“I’ve stopped fighting for Britain”
An interview with an NHS physiotherapist who is packing her things and moving back to Spain, where she intends to buy land and start a business, after 18 months of abuse from racists in this country and being let down by people she expects to help her — friends, colleagues, family members of EU nationals — who stand by when the abuse happens:
People who hurl abuse are being allowed to hurl their abuse unchallenged. So there might be many people out there who don’t feel that way, that would never say these things, but they’re not standing up and saying anything either and this apathy from friends, from family members of EU nationals, from neighbours, from co-workers, is the most hurtful thing — way more hurtful than the abuse we get in the first place. When I get told that I need to learn to speak English properly, that if I don’t like it I should leave, that it was the will of the British people and I had no say in it and that it was the right thing to do, even though I’ve lived here for seventeen years and my husband is British, my children are British.
I remember delivering steel to a small metalworking company in Wisbech, Cambridgeshire, in the weeks before the referendum and I distinctly remember seeing cars with Lithuanian or Latvian number plates in the car park. This company must have employed twenty people at most, so it was a small firm where people knew each other, not a large, impersonal workforce. I thought to ask them if they would be voting Brexit to throw their friends or colleagues out but said nothing; I was representing the company I was temporarily working for (most of whose drivers are from eastern Europe) and could have got myself into trouble. But it goes to show that people will conceal their true feelings about you when talking or working with you and display them when alone in the ballot box and it’s your future that’s on the line, not (so much) theirs.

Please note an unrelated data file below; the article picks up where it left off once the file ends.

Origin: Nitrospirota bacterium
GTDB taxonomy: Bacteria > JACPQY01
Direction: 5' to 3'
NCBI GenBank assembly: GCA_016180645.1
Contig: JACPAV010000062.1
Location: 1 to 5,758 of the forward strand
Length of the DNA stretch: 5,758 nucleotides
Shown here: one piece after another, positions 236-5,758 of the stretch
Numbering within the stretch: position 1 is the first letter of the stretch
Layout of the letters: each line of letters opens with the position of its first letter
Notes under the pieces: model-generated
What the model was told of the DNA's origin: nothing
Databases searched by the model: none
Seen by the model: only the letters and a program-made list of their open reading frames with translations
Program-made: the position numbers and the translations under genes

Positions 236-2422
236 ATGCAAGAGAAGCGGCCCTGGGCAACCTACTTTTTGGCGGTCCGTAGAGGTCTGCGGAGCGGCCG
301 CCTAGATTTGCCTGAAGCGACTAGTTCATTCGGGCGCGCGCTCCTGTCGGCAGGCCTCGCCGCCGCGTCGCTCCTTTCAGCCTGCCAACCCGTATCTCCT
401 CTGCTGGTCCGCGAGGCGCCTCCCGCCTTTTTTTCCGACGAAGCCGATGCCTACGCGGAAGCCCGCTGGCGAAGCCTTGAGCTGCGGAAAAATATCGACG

The areas that voted most heavily for Brexit (and where UKIP had in some seats been in second place) were the Tory heartlands of eastern England — west Norfolk, north Cambridgeshire, south Lincolnshire. There were some problems with illegal gangmasters and other criminality associated with some of the newcomers from eastern Europe, but there is also no doubt that most are quite law-abiding and contribute to the local economy and culture rather than taking out. It was hugely irresponsible for the Tories to give in to demands for a referendum on EU membership — mainly stoked by the Tory press, who do not want a government constrained by ideas of inalienable rights — when these demands were largely the teething problems of communities dealing with large-scale immigration which had not done so before. Given another generation the eastern Europeans would have become well-integrated and their children would have grown up locally, gone to British schools and spoken English as well as anyone else (although it has to be said, many of their parents speak perfectly good English) and the idea of “sending them home” would have faded into the background, much as it has with second- and third-generation British Asians and Caribbeans. Even if we back-track on Brexit or end up with the “Norway option”, the wounds caused by this decision will take a lot longer to heal.
Possibly Related Posts:
- Corbyn, Brexit, and Labour’s civil war
- Boris Johnson’s vision: tabloid mob rule
- What “royalty loyalty”?
- It’s not all about Brexit
- As election nears, the witch-hunt steps up